son

Son of Infamous Dictator is About to Win Democratic Election

Most Americans who remember the name Ferdinand  Marcos remember him as a corrupt dictator who was ousted by his own people after ruling the Philippines for more than 20 years. In a strange twist, his son Ferdinand Marcos Jr., known by his nickname “Bongbong” is about to restore the family to power in a democratic election. Marcos is expected to win decisively in the country’s May 9 presidential election nearly 40 years after his father was overthrown.

Son of Ferdinand Marcos returning to power

Incumbent president Rodrigo Duterte has been controversial abroad but popular domestically, partly thanks to the nature of his war on crime.

Duterte is an enthusiastic proponent of speeding up progress in the fight against crime by simply killing drug dealers without trial and encouraging the public to participate.

While shocking to the international community, these policies have been extremely popular in the Philippines, where law and order is a high priority for most voters.

That same attitude is driving support for Bongbong Marcos, who has chosen Duterte’s daughter Sara as his running mate to show that he intends to continue the legacy of his predecessor.

Liberal opponent Leni Robredo is not without support, but her popularity is dwarfed by that of Marcos, who is expected to win in a landslide.

Despite his heritage, Bongbong Marcos has tried to run a positive campaign that embraces his father’s legacy, appealing to sentiment and national unity rather than detailed political positions.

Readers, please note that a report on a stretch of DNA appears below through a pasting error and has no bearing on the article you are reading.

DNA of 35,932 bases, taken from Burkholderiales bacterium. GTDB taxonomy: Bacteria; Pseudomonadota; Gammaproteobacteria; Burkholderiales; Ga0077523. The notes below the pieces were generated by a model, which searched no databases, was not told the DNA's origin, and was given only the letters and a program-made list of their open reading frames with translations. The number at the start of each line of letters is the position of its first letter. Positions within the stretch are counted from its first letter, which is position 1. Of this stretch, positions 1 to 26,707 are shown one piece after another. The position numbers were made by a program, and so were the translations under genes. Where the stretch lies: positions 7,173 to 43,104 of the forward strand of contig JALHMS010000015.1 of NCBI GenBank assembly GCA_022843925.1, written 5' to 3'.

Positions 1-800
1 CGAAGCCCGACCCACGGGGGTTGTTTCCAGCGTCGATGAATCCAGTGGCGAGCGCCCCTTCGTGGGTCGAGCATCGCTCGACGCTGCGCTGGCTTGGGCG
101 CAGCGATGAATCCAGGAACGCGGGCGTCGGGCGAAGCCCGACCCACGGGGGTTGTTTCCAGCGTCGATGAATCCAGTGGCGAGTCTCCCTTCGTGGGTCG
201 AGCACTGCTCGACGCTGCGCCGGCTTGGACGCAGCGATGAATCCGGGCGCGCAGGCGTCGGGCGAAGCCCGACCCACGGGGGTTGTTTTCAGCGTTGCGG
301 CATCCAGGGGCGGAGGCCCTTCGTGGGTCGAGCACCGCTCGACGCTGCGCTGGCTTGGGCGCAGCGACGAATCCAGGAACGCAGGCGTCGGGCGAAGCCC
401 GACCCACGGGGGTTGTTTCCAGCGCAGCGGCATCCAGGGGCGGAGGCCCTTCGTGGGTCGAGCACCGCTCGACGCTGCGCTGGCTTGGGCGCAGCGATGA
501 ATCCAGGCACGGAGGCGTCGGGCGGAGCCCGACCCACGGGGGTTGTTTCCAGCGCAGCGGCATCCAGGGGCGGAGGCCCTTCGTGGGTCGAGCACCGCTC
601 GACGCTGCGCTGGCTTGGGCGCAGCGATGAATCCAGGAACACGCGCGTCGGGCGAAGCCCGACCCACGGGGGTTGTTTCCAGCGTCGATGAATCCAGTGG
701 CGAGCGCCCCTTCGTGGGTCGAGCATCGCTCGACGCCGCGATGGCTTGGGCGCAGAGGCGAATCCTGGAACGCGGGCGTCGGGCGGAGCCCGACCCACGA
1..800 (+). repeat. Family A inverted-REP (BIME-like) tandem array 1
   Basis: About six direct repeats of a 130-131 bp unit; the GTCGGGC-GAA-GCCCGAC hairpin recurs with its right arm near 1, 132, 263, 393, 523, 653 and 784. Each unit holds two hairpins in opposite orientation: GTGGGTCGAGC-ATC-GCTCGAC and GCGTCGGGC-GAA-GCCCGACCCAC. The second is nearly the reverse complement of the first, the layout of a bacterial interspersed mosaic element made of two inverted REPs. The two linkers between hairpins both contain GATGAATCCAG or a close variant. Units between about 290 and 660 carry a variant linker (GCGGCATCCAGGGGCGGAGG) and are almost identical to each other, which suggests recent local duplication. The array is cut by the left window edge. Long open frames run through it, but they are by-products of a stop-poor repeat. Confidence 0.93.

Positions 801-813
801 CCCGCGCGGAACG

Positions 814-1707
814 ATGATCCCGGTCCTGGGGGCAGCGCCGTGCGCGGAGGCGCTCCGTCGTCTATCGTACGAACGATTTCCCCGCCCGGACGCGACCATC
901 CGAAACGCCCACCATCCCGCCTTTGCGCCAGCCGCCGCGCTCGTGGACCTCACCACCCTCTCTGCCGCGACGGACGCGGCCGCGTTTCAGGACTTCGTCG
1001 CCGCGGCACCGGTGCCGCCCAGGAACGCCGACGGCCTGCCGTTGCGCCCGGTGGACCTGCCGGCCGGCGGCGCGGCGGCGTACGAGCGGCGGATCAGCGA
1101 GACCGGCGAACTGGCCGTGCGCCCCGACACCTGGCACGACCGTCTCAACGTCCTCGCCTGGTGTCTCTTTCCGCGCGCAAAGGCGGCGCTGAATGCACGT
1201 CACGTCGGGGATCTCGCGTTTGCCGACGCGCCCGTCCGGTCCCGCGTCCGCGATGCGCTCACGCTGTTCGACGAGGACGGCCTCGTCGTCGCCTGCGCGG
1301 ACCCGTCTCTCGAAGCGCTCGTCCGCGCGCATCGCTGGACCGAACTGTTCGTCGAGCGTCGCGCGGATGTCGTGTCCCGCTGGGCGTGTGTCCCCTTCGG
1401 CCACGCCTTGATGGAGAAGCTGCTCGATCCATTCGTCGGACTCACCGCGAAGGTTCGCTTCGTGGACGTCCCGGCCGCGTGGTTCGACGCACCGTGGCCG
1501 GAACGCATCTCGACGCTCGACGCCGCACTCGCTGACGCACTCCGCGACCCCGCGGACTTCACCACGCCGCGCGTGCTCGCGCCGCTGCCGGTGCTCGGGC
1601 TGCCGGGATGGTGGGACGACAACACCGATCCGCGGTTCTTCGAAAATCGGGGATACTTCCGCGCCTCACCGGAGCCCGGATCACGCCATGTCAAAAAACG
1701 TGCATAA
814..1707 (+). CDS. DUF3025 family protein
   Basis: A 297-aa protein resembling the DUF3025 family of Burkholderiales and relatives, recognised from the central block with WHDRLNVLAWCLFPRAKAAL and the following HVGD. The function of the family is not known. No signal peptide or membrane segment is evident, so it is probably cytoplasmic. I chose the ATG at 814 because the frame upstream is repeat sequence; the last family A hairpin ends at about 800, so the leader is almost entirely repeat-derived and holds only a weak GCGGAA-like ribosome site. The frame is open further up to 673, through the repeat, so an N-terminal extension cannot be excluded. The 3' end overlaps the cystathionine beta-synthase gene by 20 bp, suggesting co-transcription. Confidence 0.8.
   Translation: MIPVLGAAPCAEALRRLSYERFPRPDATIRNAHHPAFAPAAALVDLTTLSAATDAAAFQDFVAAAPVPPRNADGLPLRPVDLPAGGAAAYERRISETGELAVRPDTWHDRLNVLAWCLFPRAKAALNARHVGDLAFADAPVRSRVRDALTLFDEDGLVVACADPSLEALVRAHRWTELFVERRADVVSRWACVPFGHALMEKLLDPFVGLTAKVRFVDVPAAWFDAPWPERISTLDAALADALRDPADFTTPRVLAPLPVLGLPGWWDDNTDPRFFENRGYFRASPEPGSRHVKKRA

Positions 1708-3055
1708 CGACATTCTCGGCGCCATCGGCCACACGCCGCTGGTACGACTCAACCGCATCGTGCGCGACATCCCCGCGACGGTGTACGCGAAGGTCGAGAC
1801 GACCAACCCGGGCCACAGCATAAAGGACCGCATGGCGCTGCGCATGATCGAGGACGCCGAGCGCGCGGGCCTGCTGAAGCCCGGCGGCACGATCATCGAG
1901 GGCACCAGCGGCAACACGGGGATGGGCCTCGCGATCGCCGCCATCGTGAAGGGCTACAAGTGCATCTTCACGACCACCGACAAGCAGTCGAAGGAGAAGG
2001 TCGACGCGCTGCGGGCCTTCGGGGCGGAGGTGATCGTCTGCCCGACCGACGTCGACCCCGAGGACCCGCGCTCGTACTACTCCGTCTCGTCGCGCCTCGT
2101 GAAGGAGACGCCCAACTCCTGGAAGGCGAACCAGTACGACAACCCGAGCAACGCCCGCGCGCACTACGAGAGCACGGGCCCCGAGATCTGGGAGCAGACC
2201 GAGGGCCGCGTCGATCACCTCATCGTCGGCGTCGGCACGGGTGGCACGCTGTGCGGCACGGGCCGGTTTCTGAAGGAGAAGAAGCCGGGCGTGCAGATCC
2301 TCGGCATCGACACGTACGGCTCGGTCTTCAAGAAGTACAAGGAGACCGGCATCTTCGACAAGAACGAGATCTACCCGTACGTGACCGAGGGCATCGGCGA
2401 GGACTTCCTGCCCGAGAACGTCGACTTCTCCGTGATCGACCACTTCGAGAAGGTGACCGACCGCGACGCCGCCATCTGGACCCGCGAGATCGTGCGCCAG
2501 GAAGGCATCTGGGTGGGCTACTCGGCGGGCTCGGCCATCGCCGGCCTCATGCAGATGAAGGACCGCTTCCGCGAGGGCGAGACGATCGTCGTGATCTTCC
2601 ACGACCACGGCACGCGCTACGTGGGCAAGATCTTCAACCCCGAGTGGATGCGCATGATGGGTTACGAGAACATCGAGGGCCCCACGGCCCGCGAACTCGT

Voters look back at dictatorship with nostalgia

Ferdinand Marcos was overthrown after implementing martial law and accumulating huge amounts of wealth to fund his opulent lifestyle.

Bongbong has attempted to rehabilitate his father’s rule and much of the country is willing to cooperate or at least to overlook the overwhelming evidence of corruption.

To many nostalgic voters, the Marcos era now looks like a golden age of order and growth rather than a time of poverty and oppression.

This includes many younger people, who have been receptive to the campaign’s use of social media to convince them that the traditional story of the Marcos years is a fabrication or exaggeration.

Even many of those who are skeptical about rehabilitating the father agree that the son deserves a chance after running a campaign that appealed to broad swathes of the population.

The election is already being described as a last gasp of democracy in the Philippines, but only time will tell what Bongbong Marcos decides to do with his stunning comeback.

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